Articles Posted in Marijuana Laws

The U.S. House of Representatives still has the power to shock and it did so recently when it voted to block the federal government from interfering with states that permit use of medical marijuana.

Democrats, as well as libertarian-minded and moderate Republicans, banded together to pass the amendment to the bill funding the Justice Department’s budget by a 219-189 vote. All-in-all 49 Republicans broke rank to vote in favor of the provision (4 out of 5 Republicans opposed the amendment).

Nearly half the states in the union have legalized use of marijuana for medical purposes. However, the federal government still considers the sale, distribution and use of the drug illegal. This dichotomy in state law versus federal law has been a conundrum for authorities since California became the first state to legalize medical marijuana use.

NJ Marijuana DefenseA veteran volunteer firefighter for the Leonia Fire Department was told to turn his gear in after a background check revealed that he had been convicted on a marijuana charge in 1997.

The fire lieutenant, who has 30 years of service as a volunteer firefighter, was the first firefighter ousted from the department in the wake of Borough Council-mandated policy approved last fall that required all firefighters to undergo background checks. The veteran firefighter had the right to appeal his ouster before the council, but chose instead to resign from the department.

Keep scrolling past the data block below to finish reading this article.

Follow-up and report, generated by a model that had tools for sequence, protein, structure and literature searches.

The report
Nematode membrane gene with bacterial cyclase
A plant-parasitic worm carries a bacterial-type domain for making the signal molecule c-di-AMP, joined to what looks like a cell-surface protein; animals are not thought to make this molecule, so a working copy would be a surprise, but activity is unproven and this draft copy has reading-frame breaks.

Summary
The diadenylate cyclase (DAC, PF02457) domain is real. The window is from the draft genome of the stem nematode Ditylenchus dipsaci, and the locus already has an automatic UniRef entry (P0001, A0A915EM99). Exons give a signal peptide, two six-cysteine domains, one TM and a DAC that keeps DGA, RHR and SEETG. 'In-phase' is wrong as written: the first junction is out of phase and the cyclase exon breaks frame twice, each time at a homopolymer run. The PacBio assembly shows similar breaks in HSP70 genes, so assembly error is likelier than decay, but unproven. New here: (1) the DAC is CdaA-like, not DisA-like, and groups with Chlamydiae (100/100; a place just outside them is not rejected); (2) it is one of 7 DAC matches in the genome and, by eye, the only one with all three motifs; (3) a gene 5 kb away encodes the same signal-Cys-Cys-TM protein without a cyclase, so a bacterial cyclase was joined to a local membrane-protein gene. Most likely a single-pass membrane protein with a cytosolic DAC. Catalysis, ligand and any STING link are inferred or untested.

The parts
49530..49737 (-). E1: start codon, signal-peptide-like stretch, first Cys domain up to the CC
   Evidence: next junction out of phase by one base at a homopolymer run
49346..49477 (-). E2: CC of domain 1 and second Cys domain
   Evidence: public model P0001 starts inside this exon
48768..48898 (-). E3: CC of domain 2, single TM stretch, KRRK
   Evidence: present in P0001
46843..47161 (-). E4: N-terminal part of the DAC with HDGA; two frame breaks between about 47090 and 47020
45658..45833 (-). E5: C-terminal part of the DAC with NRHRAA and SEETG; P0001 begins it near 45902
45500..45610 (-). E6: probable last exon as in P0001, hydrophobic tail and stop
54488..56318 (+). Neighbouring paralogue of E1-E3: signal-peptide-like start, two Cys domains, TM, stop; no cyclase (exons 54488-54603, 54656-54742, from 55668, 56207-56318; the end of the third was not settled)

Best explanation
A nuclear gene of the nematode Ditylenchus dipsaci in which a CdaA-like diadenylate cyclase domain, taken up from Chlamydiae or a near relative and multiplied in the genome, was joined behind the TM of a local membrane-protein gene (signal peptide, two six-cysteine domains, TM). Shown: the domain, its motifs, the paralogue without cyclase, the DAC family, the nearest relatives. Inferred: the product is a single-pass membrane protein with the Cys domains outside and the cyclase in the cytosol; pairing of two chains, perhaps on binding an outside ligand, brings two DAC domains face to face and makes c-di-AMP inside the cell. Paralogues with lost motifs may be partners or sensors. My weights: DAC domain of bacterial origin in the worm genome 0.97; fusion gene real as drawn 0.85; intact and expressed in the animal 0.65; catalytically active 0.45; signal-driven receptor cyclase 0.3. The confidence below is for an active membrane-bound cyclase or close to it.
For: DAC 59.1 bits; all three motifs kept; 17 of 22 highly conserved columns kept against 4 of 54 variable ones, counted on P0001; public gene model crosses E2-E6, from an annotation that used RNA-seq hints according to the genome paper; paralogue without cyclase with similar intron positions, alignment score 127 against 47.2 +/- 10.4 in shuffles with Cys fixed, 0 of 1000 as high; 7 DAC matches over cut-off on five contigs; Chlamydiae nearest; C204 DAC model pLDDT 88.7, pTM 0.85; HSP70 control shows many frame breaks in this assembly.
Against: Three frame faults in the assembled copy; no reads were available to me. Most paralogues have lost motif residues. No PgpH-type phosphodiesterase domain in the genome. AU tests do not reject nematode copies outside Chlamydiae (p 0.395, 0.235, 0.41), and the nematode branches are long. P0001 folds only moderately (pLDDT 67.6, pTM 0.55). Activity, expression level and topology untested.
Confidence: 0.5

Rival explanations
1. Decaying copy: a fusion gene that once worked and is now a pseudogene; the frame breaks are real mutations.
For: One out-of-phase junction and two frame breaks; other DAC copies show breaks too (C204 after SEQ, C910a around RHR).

Asked to comment David Schmidt, (888) 847-2529, of Lubiner, Schmidt & Palumbo stated that the dismissal of this fire fighter after years of service highlights the importance taking marijuana cases seriously and of seeking expungement if possible.

In a previous blog, the criminal defense attorneys at Lubiner, Schmidt & Palumbo, LLC, available for no-cost consultations at (888) 847-2529, discussed the status of the new medical marijuana program in New Jersey and the recent changes in the law that have affected it. While those changes are proceeding in measured steps, there is at least one New Jersey politician who thinks the state needs to take a leap and legalize the sale and possession of marijuana altogether.

Citing the state’s war on drugs as “a miserable failure,” State Sen. Nicholas Scutari (D-Union), who is chairman of the Senate Judiciary Committee, said he plans to introduce a bill that would legalize pot in the state. Currently, Washington and Colorado are the only two states in the union that have legalized the sale of marijuana for recreational use. Scutari stated that legalizing the sale and possession of marijuana makes sense because police are dedicating valuable resources to a losing battle and that lives are being ruined because of minor drug offense convictions.

He expects an uphill battle.